Transposases (TRs) are often referred as the enzymes codified in DNA transposons (Class II of transposable elements) involved in double-strand DNA transposition from one location to another in the host genome ("cut and paste" mechanism).
Generically, TRs are DNA-binding enzymes that catalyze “cut and paste” or “copy and paste” reactions to promote the movement of DNA sequences (Rice and Baker 2001). TRs belong to the polynucleotidyl transferase superfamily which includes RNase H, RuvC resolvase, RAG proteins and retroviral Integrases (Nesmelova and Hackett 2010).
Transposase enzymes are divided into several families based on the mechanism utilized during transposition (Nesmelova and Hackett 2010; Curcio and Derbyshire 2001; InterPro 2006):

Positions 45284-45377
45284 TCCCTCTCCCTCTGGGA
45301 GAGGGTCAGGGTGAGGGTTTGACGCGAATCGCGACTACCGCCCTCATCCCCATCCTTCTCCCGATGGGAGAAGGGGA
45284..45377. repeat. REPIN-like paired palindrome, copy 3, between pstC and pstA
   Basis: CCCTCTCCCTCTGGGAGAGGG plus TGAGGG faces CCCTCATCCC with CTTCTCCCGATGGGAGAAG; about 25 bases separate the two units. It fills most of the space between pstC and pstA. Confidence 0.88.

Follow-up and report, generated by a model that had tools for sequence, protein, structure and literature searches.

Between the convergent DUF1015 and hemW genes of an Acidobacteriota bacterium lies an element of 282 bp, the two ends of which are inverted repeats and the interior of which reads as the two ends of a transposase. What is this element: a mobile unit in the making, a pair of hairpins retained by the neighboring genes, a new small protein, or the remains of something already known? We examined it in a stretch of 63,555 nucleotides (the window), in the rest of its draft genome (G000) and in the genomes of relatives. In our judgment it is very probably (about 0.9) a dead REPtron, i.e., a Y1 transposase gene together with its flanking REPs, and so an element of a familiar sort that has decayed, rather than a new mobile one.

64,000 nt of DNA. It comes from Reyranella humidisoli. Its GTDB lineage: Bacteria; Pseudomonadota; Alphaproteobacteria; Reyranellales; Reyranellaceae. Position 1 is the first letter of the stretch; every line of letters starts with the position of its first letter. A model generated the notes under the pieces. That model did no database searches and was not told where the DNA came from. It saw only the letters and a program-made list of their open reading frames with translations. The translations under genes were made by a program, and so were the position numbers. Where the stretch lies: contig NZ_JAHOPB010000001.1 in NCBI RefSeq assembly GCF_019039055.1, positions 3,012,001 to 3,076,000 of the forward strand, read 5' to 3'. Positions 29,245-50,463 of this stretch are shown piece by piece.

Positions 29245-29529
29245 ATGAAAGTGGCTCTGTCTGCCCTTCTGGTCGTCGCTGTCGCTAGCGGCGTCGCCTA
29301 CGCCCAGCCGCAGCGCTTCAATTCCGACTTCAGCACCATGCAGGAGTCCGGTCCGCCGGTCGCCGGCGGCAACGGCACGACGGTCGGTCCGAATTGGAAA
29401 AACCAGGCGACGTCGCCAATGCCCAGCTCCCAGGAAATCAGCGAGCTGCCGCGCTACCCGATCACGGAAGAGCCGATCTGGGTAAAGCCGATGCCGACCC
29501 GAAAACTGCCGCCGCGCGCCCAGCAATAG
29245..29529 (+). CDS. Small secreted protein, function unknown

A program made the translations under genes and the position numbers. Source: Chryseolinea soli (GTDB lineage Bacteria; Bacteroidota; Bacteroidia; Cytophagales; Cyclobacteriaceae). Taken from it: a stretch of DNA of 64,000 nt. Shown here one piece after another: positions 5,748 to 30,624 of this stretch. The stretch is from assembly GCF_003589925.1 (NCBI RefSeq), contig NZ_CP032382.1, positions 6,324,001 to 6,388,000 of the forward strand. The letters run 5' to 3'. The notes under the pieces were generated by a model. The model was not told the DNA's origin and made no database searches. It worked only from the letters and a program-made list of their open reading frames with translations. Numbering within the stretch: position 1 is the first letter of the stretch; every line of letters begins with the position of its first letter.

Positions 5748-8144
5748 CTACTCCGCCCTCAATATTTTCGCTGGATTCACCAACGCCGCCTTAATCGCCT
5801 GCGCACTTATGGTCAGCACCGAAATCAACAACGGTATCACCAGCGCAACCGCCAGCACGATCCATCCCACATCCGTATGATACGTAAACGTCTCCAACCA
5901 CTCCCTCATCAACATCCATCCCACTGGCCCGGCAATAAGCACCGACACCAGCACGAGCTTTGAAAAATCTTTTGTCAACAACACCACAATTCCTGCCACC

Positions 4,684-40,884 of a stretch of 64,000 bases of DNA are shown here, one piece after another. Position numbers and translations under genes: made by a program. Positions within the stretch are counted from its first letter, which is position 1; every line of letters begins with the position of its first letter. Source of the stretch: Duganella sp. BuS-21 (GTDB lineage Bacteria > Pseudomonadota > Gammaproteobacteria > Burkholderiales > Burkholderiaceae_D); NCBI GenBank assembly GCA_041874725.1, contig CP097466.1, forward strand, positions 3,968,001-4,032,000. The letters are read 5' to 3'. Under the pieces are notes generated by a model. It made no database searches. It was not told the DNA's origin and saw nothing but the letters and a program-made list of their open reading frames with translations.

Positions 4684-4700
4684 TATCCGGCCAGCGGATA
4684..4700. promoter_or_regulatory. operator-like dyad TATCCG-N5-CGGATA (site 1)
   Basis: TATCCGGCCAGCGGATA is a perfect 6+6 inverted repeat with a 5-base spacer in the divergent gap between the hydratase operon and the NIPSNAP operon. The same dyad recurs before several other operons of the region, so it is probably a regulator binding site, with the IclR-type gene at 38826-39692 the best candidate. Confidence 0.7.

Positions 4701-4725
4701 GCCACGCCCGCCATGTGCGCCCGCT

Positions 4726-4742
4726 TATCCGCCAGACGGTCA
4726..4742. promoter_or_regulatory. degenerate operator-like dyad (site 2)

DDE-TRs contain a characteristic triad of conserved amino acids: Asp (D), Asp (D) and Glu (E) (this third residue can also be Asp in some cases), and a common structural motif, RNase H-like fold, bringing these three residues into close proximity to form a catalytic pocket containing two divalent metal ions that assist in the various nucleophilic reactions during DNA cleavage (Hickman et al. 2005).
DDE-TRs catalyze DNA sequence transposition after recognizing and joining to DNA-binding domains to form the synaptic protein-DNA complex. Then the mobilized DNA is excised by means of the hydrolysis of the phosphodiester bonds at each end to generate free 3′-OH groups. Finally, these free groups are joined to the target DNA sequence through a single-step transesterification.
Beyond this overall view and common shared features, DDE TRs, and TRs in general, show a great degree of variability at different levels. DNA-binding domain specific recognition, synaptic complex organization (dimeric, tetrameric…) and mechanisms of DNA cleavage and interaction can vary widely depending on the particular TR.